The only thermometer the sauna has ever known exploded a long time ago, leaving a mercury-red stain on the cedar paneling, so it is impossible to know exactly how hot it is, but suffice it to say that when I ladle a cup of water onto the concrete slab of the building, a full six inches away from the actual wood-burning stove, the concrete sends forth a great cloud of angry vapor. The aluminum bucket holding lake water steams. The metal ladles are painful to touch. I cast water at the cedar paneling, and the wood hisses and sizzles. It is difficult to breathe, so I climb down from the benches where I’ve been hunched over and exit the little building. Outside, the day is warmish for October in Michigan’s Upper Peninsula; about 60. A fishing boat trolls past; two geezers bundled up against the wind. I say hello. My body as red as a lobster and covered in sweat. To say that the fogeys are surprised would be an understatement. They can’t even manage a polite wave.
I climb down off the dock and into the 50-degree water. Immediately, my legs burn with the cold; pins-and-needles cold. I dive in. Autumn leaves fall onto the lake and the sky is an immaculate blue. I am alive — acutely aware that I am alive — heart pounding, conscious of every pore in my skin, and I’m ready to head back into the sauna for more punishment.
My dad rebuilt this sauna back in about 1995 or maybe ‘96. At that time, the century-old building had fallen into disrepair. The only redeemable thing about the structure was the wood stove. I don’t know why he endeavored to rebuild, but I think it became something of an obsession.
I have only one memory of my dad and that sauna, and it is of trying to help him when the cement truck came to pour a new foundation. My dad had built his own forms for the cement and between me, and two childhood buddies — Novak and Gulig — we were supposed to help guide the cement into these forms.
But my dad hadn’t built the forms strong enough and we all watched, defeated, as the forms burst, one by one, spilling cement everywhere. Poor Dad sat down, dejectedly, understanding that he had just paid for hundreds of dollars of cement that he would now have to jackhammer up, and then carry away before more cement could be ordered.
I have no memories of actually taking a sauna with my dad, but I have heard stories. Of him entertaining friends and family, of cutting holes in the winter ice with a chainsaw and plunging into frozen water. It was no doubt my dad who heated that sauna so hot the thermometer burst. That was probably a good night.
Wednesday was my dad’s 68th birthday. He lives in a local nursing home; has lived in a nursing home these past 20 years. I wish like hell I could bring him back to that sauna so that we could enjoy it together, but this is an impossibility for a multitude of tragic reasons.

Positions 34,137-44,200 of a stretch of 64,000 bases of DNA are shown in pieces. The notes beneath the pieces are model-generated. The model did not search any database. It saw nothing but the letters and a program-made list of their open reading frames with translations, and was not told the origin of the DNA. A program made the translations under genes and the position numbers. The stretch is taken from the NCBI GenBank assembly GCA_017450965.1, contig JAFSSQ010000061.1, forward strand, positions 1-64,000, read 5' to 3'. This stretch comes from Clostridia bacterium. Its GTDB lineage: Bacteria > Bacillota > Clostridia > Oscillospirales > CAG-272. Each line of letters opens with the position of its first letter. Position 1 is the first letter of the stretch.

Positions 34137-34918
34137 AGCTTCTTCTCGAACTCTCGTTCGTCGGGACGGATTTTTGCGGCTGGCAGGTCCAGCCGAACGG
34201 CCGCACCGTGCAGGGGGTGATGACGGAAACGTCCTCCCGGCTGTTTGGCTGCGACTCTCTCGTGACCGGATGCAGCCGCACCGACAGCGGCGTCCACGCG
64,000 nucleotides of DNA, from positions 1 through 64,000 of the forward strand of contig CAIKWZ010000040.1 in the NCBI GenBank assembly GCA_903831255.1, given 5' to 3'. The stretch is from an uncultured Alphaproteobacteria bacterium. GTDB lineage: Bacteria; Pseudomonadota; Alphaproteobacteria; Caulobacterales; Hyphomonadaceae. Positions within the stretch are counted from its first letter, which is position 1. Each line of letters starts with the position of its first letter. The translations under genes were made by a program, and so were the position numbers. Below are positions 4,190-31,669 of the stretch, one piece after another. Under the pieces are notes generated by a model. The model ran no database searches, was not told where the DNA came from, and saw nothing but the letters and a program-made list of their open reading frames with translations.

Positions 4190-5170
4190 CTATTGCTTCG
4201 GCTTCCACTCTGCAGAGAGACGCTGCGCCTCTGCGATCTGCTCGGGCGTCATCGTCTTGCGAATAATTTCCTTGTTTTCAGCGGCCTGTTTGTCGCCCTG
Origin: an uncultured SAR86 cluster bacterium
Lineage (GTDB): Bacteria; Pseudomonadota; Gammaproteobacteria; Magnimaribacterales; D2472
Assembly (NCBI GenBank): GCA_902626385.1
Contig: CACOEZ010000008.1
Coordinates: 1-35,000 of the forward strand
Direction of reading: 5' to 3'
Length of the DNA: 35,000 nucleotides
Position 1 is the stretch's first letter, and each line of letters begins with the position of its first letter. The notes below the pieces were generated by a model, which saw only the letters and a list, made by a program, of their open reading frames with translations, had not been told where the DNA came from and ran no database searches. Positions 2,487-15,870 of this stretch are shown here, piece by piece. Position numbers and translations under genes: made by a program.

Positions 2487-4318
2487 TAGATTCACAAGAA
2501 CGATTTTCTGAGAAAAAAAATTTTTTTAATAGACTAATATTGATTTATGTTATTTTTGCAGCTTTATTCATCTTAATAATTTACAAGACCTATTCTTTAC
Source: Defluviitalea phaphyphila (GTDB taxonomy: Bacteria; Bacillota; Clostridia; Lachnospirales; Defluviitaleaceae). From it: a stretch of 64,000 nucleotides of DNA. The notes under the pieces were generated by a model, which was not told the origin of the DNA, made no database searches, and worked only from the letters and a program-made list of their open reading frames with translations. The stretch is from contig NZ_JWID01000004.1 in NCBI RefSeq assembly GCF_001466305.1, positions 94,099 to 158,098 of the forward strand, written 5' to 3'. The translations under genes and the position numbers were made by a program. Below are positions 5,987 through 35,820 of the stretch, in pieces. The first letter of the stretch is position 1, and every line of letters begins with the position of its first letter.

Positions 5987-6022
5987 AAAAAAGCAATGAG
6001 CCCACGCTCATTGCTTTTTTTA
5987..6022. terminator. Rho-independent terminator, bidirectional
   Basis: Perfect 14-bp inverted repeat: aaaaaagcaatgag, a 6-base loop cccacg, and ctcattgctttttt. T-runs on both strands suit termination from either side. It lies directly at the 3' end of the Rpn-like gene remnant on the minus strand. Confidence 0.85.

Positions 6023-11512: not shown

When I’m inside his sauna though, I can sense his spirit. I can see where his hands cut the cedar boards to length. I can see the best and worst of his carpentry skills. I look at his minor mistakes not with judgement, but with appreciation. Before he resurrected the sauna, it was nothing. An ugly little hut on the shore of an insignificant northern lake. But now, the sauna is a place of meditation, contemplation, and relaxation. The sauna he painted a burgundy barn-red some 25 years ago, still looks inviting. Christmas lights draped around the eves glow gaily and illuminate two nearby birch trees.
These days, no one appreciates the sauna more than my father-in-law, Jim. His face absolutely lights up inside the sauna; you can plainly see the heat delights him. I imagine what might have been if my dad hadn’t suffered his aneurysm so many years ago. Maybe I would be sitting on a bench between father and father-in-law. What conversations would we have? What bonds might have formed?
Back in the mid-90s, when Dad undertook the demolition and reconstruction of the sauna, cellphones were not ubiquitous. They weren’t fused to us as they are now. But a person might have imagined that they would be. Inside the sauna, however, a cellphone is useless, and this is also something I have come to appreciate. When you disrobe and enter the sauna, you leave everything outside. You enter this cramped, hot, little space, and there is little to do but close your eyes and breathe. And I wonder about that, too. Was my dad building his own space to recuperate mentally? A space where his body and mind could unwind, where, as he plunged into the lake, his every-day stresses could be washed away like unwanted grit?
Maybe it’s because I recently turned 40 years old, but I spend some time thinking about the notion of legacy, about the sort of imprint I’ll leave behind when I am gone. I cannot say that the sauna and the land it rests upon will always be in my family, always be accessible to me. This is devastating to me, because inside the sauna, I am surrounded by my father’s fingerprints, his legacy. His most optimistic and artistic self. To some, his sauna might be considered a folly. He did not, after all, even have the money to construct benches made from cedar. Instead, they are cheaper slabs of pine, that, when the sauna is really cranking, bleed sap, even now, decades after he nailed them into place.
But, if you have sat in the close silence of his little building, if you have leapt from dock into cold lake, and swum out beneath the star-strewn sky, or laughed with your friends and family, as I have, you will understand that there are places we build, little places, places without addresses, that are filled with love and magic and memories. And my dad created just such a place.
Happy birthday, Dad — I love you.